Following the acquisition of Queensland Motorways, Transurban reached a threshold of total greenhouse gas emissions that now requires us to report under the Australian National Greenhouse and Energy Reporting (NGER) Act.
Under NGER legislation, Transurban will report on the facilities that are subject to NGER legislation over which it has direct operational control. For FY15, these are our Australian corporate offices, CityLink, M2, Lane Cove Tunnel, Gateway Motorway, Logan Motorway, and the Go Between Bridge. This report will be submitted by the end of October 2015
We also monitor greenhouse gas emissions on a number of assets that are outside of NGER reporting requirements, but used for internal purposes and our annual Sustainability Report.
In FY15, Transurban’s total Scope 1 and 2 emissions were 96,115 tonnes CO2-e. This marks an increase from FY14 driven largely by the acquisition of Queensland Motorways assets and the Cross City tunnel, and the opening of the new 95 Express Lanes.
The trend in Transurban’s Scope 1 and 2 emissions is shown below.
Transurban’s Scope 1 emissions arise from the combustion of fuel in vehicles and generators, and represent around 2% of the total of Scope 1 & 2 emissions.
Transurban includes fuel usage in its Group total only for assets over which it has operational control, as defined by the NGER Act. Operational control represents the degree to which Transurban has direct influence over an asset or facility. This often means whether Transurban is the operator of the asset, or whether a contractor has that role.
On assets where Transurban has operational control, fuel used by major contractors is also included in our Group total since Transurban has significant control over contractor practices on those assets. This classification is consistent with how Transurban will report under the NGER Act (with the exception of our US assets, not reported under Australian NGER legislation).
Transurban’s emissions increased slightly compared to FY14 owing to the inclusion of several major contractors into Transurban’s Scope 1 emissions for the first time in FY15, as we begin to report under the NGER framework and align our Sustainability Reporting to the same scope. These contractors are only included on assets where Transurban has operational control since we have greater ability to influence contractor behaviour through environment and safety policies.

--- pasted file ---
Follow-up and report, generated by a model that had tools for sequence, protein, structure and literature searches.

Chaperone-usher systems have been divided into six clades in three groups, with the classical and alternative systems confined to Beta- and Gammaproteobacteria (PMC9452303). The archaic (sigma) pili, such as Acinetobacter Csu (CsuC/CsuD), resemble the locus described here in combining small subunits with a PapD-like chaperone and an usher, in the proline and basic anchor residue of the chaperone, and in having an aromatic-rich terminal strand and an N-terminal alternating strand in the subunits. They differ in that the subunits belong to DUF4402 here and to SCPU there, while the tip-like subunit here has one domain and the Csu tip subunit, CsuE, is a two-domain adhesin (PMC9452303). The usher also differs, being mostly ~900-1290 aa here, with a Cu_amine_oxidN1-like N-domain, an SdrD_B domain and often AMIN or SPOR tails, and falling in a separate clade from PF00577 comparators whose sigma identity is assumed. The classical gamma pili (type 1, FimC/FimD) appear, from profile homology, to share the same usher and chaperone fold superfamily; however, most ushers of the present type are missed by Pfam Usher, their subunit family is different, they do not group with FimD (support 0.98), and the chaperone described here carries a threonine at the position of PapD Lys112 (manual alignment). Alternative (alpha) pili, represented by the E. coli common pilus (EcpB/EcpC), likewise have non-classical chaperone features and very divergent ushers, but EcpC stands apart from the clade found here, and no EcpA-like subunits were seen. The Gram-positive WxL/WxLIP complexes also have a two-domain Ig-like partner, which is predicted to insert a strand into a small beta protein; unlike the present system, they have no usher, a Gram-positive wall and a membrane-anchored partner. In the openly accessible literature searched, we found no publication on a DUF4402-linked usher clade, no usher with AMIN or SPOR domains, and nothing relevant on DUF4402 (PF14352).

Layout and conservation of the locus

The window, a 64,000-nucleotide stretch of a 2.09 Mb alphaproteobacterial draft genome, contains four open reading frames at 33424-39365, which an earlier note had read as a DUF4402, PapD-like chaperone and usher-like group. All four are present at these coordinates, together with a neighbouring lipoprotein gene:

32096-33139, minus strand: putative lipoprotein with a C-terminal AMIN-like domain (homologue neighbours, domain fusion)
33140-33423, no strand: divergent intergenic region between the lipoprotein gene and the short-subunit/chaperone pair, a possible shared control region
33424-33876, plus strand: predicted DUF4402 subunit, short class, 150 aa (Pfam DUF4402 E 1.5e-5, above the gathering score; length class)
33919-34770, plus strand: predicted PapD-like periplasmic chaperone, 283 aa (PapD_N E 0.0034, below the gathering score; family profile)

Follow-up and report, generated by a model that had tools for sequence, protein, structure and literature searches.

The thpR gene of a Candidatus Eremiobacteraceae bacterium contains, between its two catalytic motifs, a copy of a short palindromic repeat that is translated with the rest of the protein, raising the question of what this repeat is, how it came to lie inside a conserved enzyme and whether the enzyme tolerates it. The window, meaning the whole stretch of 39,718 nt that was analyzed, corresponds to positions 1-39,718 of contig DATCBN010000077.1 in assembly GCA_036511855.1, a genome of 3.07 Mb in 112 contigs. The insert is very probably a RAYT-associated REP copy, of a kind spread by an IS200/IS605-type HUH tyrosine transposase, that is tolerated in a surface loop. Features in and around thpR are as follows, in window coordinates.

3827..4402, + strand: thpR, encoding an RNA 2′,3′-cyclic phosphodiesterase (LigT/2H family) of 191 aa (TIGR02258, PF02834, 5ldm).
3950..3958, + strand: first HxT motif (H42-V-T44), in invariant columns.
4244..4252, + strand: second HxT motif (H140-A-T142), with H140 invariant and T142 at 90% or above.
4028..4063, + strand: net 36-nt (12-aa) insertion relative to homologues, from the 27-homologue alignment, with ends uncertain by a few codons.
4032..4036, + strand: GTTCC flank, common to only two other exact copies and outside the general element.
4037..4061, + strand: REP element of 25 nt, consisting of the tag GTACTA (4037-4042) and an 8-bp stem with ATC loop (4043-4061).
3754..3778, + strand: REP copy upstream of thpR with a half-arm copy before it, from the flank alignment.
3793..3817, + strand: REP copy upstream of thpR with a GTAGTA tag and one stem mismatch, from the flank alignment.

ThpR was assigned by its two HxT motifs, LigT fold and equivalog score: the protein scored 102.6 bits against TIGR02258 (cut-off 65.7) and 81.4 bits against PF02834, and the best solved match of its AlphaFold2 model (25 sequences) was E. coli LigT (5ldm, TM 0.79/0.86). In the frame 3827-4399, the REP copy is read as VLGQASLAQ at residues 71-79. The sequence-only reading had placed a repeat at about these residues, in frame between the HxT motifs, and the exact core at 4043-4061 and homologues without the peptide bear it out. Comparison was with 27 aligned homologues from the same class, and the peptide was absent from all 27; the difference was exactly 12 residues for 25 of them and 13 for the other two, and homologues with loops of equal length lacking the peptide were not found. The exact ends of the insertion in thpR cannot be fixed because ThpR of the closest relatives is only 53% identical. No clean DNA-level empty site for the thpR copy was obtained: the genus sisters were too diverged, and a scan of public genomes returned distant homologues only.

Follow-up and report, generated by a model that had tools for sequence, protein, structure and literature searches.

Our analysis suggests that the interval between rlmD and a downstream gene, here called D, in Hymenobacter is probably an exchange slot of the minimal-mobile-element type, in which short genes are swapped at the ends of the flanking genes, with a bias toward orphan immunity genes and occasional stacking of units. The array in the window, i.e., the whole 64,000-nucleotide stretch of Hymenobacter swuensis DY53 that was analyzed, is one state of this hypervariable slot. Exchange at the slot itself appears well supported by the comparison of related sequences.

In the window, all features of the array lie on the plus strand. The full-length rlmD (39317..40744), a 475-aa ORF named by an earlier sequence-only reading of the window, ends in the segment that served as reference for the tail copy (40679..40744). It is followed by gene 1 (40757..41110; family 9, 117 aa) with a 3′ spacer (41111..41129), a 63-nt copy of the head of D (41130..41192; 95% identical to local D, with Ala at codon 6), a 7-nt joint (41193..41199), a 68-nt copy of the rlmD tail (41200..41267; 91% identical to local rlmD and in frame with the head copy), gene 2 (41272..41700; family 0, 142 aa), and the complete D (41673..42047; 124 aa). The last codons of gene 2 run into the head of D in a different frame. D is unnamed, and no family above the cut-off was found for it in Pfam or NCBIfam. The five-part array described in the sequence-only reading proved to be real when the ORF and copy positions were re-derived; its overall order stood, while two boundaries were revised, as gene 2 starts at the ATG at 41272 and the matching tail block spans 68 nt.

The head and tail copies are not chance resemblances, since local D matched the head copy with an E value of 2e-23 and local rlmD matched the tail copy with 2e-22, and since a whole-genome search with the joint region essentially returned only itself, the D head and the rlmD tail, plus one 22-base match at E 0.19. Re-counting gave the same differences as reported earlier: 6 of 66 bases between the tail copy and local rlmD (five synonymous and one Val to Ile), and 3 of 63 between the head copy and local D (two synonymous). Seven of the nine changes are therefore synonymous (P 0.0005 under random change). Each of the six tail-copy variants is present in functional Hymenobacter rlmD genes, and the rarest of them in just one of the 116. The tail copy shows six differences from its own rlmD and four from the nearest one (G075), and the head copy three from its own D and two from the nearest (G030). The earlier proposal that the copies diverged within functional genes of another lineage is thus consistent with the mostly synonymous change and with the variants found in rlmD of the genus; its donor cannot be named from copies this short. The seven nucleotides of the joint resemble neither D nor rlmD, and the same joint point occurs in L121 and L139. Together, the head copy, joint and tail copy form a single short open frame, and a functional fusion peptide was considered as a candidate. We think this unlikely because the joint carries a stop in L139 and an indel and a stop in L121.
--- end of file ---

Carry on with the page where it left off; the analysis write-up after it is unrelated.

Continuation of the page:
We do not report fuel use and Scope 1 emissions on assets where contractors have operational control. In FY15 this includes Eastern Distributor, Cross City Tunnel, NorthConnex, M5 Southwest, Westlink M7, Clem7 and Legacy Way.
Scope 2 emissions from purchased electricity continue to be our largest source of emissions, accounting for around 98% of the total of Scope 1 & 2 emissions.
Our corporate Scope 3 emissions — not presented in the graph above — are also strongly driven by emissions from the upstream transmission and distribution of electricity, and also tend to vary more with construction activity due to the impacts of Scope 3 emissions from waste generation.
We also report on the estimated greenhouse gas emissions from customer vehicles travelling on our roads. This estimate is based on the number of vehicles travelling on our roads, vehicle types, distance travelled per trip, average vehicle speed and emissions factors. Scope 3 emissions from customer travel are strongly driven by the number of vehicles on our roads each year. In FY15, we estimate that vehicles on Transurban roads contributed to approximately 1,685,752 tonnes CO2-e.
Air quality is an important environmental measure for our road assets, with large numbers of vehicles travelling each day. Transurban ensures that air quality is monitored and controlled so that conditions both on and near roads are maintained to a high quality.
Road tunnels have specific regulations in place for maintaining air quality within the tunnel, where vehicle exhaust is diverted via tunnel ventilation systems. We monitor and report air quality within our tunnels and at the exhaust stacks, to ensure that regulatory standards are met and air quality is maintained.
During the design process for the NorthConnex tunnel in NSW, there was some community concern about the proposed ventilation stacks and whether exhaust air would have an impact on local air quality.
Transurban demonstrated the air quality modelling and safety assessments that had been undertaken to ensure that air quality at the outlet of the tunnel ventilation system would be safe for local communities. This included a series of studies completed by independent experts to ensure best practice air quality and safety practices were achieved.
The NorthConnex tunnel will divert significant truck traffic from other local roads which will lead to improvements in roadside air quality on those routes.